Orem • Moments after Caleb Schulte finished off his second opponent Wednesday evening, the senior changed into his warmups and prepared to talk about the match.

Stitched onto his left chest in Warrior gold lettering was T BASEBALL, in honor of his favorite sport.

“Wrestling’s probably No. 2 after baseball,” said Schulte, who won by technical fall and by third-round pin to reach the Class 6A state semifinals in the 160-pound division.

Schulte is a multi-sport athlete – middle infielder for the baseball team in the spring, receiver and cornerback for the football team in the fall. And though wrestling isn’t his true love, it just might bring him the most recognition.

He is trying to become the school’s first state champion since Roy Nash went undefeated in 2012-13. Schulte’s balance of patience and ferociousness on the mat has led to 34 wins against just three defeats this season.

“He’s a natural athlete and natural athletic ability,” Taylorsville coach Shawn McNiven said. “His style is a little different than most kids. He just picks and throws. His hips are really good and he wrestles aggressive. He’s patient, but when he goes, he goes.”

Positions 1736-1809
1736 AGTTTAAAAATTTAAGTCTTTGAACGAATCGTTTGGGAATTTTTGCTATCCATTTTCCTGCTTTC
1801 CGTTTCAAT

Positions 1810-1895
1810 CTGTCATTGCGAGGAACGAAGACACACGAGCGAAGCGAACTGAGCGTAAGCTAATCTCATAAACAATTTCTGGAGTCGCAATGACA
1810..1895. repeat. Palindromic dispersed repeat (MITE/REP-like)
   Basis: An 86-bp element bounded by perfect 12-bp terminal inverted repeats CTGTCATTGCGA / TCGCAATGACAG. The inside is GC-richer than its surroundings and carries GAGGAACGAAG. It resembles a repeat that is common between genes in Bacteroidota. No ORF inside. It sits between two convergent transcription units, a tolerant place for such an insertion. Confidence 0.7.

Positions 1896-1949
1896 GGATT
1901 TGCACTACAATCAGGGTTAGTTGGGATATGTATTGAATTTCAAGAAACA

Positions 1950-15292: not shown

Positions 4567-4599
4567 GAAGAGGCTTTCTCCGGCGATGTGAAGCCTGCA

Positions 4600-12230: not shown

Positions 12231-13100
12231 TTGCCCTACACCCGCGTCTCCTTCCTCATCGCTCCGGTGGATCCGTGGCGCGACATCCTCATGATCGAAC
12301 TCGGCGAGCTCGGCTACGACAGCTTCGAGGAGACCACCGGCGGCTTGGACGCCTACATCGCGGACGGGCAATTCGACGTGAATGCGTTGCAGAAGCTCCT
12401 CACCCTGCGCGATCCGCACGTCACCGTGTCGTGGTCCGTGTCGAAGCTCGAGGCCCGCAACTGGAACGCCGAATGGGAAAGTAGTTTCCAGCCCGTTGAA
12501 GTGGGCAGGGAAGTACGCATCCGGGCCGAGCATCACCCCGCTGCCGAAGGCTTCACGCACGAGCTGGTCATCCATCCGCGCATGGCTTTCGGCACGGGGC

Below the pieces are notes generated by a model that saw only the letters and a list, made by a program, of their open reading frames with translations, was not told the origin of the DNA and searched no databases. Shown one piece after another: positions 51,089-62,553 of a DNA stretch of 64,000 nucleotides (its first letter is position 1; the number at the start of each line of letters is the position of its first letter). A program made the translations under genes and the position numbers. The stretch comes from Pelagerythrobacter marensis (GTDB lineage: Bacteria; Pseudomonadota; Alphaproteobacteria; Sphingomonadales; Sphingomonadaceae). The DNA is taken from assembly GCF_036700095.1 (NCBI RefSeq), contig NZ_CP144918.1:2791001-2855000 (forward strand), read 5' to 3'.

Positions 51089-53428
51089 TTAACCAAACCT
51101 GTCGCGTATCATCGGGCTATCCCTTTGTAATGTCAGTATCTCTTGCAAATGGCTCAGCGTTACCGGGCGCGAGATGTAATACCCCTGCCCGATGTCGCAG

Pleasant Grove sits atop the team standings with 128.5 points, followed by Layton (105.5), Herriman (105) and Syracuse (93.5) and American Fork (77). Eight Pleasant Grove wrestlers remain in the winners bracket.

Schulte, the top seed in his half of the bracket, will meet Davis’ Trendon Dunn first Thursday. Schulte was in the same spot a year ago in the 152-pound division but was facing the top seed. He lost that match but recovered to place third.

He says he’s much more comfortable being the “hunted” as the top seed.

“There’s definitely a little more pressure, but that makes it more fun,” Schulte said.

In addition to carrying the torch for Taylorsville’s program, Schulte has a family name to live up to. His brother Christian placed third at 152 pounds in the 2012 state tournament for Highland. And dad, Paul, talked Caleb into returning to the sport after he quit as a 10 year old.

“He comes from a wrestling family and he’s the youngest kid,” McNiven said. “I don’t know how that works — everyone beats on the little brother or whatever — but he has older brothers who all wrestled through high school.”

Schulte’s Taylorsville teammate Braden Henson also went unbeaten Wednesday at 145 — a fine showing for a program that had just five wrestlers competing over the 14 weight classes.

Henson, a junior, is in position to improve on his fourth-place showing at 132 pounds last year. He will face Davis’ Dan Waddoups in Thursday’s state semifinal round.